Disney should have taken the four billion they paid for Marvel and bought Tarantino instead. Why? Inglourious Basterds is the only movie that I've seen that has had a director in something like the last five years. What's more, it's just about the only movie I've seen that has had a writer (who also happens to be the director, but what you gonna do?). It also has a movie star. And a supporting star. To say Inglourious Basterds is good would be like saying water is wet. It is so, so much more than that.
Tarantino is not sitting on his laurels. He is not only pushing himself, he is pushing audio/visual storytelling. Forget cinema, the movies, whatever you want to call it. He's doing things in Inglourious Basterds that will affect YouTube and video games and novels and comic books and plays. He trumped The Sopranos' last two seasons, that's how high he was aiming. And he did it without making it either a history lesson or a plate of spinach. Not to say that it was a perfect movie. Far from it; though tight and smart, there are loose threads everywhere. He is a director/writer who gloriously colors outside the lines. The first bold move: the rewrite of history.
Spielberg is a student and a visualist. His Saving Private Ryan was a case history. But, except for the insane opening, it lacked the frenzy of even five seconds of Inglorious Basterds. And the focus. Spielberg was mince meat in the face of Brad Pitt and his bastards.
The fact is, sometimes the magnitude of events is such that we can only truly understand it through art. Tolstoy knew this. Were there real Rostovs? I don't think so. Did Napoleon do everything he had him do? Maybe, maybe not. But the stuff of history, when imagined TRULY, can tell us more. Picasso said [warning pretentiousness ahead], "Art is the lie that tells the truth." And by imagining a war, Tarantino tells us things about life. For one, he doesn't fake accents. To find an effective antagonist, he had to find an actor who spoke French, English, German, and Italian. Not just speak them, act in them. And he did.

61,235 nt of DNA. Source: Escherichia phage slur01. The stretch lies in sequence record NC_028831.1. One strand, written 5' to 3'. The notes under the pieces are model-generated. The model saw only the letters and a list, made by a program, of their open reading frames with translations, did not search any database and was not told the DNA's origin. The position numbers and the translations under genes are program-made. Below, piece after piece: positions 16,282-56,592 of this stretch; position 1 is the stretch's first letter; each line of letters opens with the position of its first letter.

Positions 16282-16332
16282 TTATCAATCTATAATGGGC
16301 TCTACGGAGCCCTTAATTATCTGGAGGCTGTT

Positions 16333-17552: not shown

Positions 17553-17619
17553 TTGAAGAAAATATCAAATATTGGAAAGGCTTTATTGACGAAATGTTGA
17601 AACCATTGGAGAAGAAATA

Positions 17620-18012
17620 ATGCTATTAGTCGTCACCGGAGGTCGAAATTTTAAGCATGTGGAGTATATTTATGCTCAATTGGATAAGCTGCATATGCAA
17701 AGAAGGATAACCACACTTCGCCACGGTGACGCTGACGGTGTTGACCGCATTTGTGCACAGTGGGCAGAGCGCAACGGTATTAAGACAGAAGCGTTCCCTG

His historical personages hew to their real (or mythic) realities. Hitler's Berchtegsgarden hideaway is more real, and more scary, than the real one. Imagination makes the real more real.
Witness Mike Myers's turn as a British general. And Churchill. Astonishing, comic and real at the same time. Our slavish obedience to reality is a crutch for weak art. But that is another topic. Thankfully Tarantino's daring doesn't stop there.
He has boldly lobbed a grenade into the gut of the short attention span world all the critics are lamenting. The twenty-some-minute set piece that opens the film is as deliberate and slow and tense as Rohmer or Hitchcock.
But again, this movie has no higher purpose (neither did John Ford's nor Lubitsch nor Hawkes nor Delmar Davies nor...nor...) Tarantino's smart enough to know that you need a video-game-worthy hook to bring 'em in. Then, like the greatest of the past, you slip in the art. Not to get artsy fartsy brownie points. To move people. So, again, he rewrites history, but not stupidly. It is all plausible. [In fact, this is a trick many serious modern historians use, speculative or counter-factual history, but we need not go into that.]
How did he do it? Well, besides talent, which is ineffable, he had a producer to back him up. And he had fun. He is the most impulsive filmmaker working on the planet today. And he delivers. Fun? Too much fun. Scary. Yes. Big themes? Oh yeah. The gore quotient? Well, EC Comics in the early '50s was doing as much or more.
Big, splendid, artistic, messy, fun. Film is back. At least in the person of one filmmaker and one movie. I cannot get it out of my head. Or my heart. - Ken Krimstein
Mr. Krimstein is a writer, cartoonist, father, and grump who lives in New York City. So there.